By Rachel Colchete
Officially designated the wildflower capital of Colorado, the small ski town of Crested Butte serves as a prime location to enjoy outdoor activities and charming natural scenery, but concerns about climate change affecting the area’s natural landscapes and wildlife are making local environmental advocates ill at ease.
Sue Navy, board president of High Country Conservation Advocates (HCCA), described the alarm expressed by high school students at Crested Butte’s recent meeting for its Climate Action Plan, which was released early this November. Despite the generally favorable climate of Crested Butte, many locals are overwhelmed by the possibility that the land and animals will suffer due to human causes.
“Looking at a future that doesn’t seem the same or doesn’t seem possible—it’s frightening,” said Navy.
HCCA is a nonprofit organization based in Crested Butte that was formed as a response to proposals to mine molybdenum on the town’s beloved Mount Emmons, known by residents as “Red Lady.” Posters from the past 42 years advertising the annual “Red Lady Salvation Ball” completely cover a wall as you enter the organization’s office, representing a proclamation to their mission of protecting the wilderness of Gunnison County.
Having overcome three mining proposals through the decades, the organization continues to campaign for a mine-free Red Lady. Their work today, however, extends beyond the protection of this single mountain.
“A lot of what we do now is related to climate change,” said Navy.
Having lived in Crested Butte for the past 48 years, Navy has experienced the region’s changing climate firsthand.
“Winters were a lot colder than they are now,” Navy said, recalling one year where she and her friends were “basically skiing in t-shirts.”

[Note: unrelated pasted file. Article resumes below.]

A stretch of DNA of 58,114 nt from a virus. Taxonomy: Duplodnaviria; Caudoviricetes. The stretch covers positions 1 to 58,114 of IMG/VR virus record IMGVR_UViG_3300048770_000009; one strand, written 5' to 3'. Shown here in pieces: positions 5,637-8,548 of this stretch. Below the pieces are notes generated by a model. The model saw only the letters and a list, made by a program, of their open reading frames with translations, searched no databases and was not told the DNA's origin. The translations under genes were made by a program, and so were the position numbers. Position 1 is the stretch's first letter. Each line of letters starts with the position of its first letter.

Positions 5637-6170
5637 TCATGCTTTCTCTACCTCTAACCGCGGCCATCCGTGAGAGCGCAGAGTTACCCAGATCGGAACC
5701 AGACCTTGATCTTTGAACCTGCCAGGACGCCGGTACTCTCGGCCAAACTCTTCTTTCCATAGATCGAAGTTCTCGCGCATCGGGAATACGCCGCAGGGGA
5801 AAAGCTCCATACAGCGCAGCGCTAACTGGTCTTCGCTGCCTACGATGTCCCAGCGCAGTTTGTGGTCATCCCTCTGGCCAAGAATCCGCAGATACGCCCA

“January became June-uary,” she said.
The change in temperature and snowfall during the winter could negatively affect the ski industry of Crested Butte, which plays a major part in the town’s economy. Retired chief executive officer of Crested Butte Mountain Resort John Norton emphasized the importance of the 100 days between Christmas and the end of March where the ski resorts get the bulk of the business that sustains them year-round.
“If those become fragile then you’re going to see some seismic changes,” Norton said.
Besides skiing, mountain biking and trail running are also popular outdoor activities loved by locals and visitors. But with an increase in the community’s population and summer tourists, Navy says that people are using the backcountry and “loving it to death.”
She stressed how it’s not only humans that are imperiled by these changes. Impact on trails are changing animal migration patterns by cutting off their migration routes, and she is frightened at the thought of species disappearing from Crested Butte.
Last winter took out almost half of the population of Gunnison sage-grouse when the snow arrived later in the year and turned to ice, making it difficult for the grouse to get to food sources, Navy said. She also expressed concerns about how the high altitude pika are being forced to move further up to reach cooler elevations and the warming streams could affect trout and other fish that thrive in cold water.
In spite of her fears for the future, Navy is optimistic about her work and thinks that the natural environment of Crested Butte provides people with solace and a generally “upbeat attitude.”
“We have this haven for our mental health—I think that goes a long way to keep us from jumping off a cliff,” she said.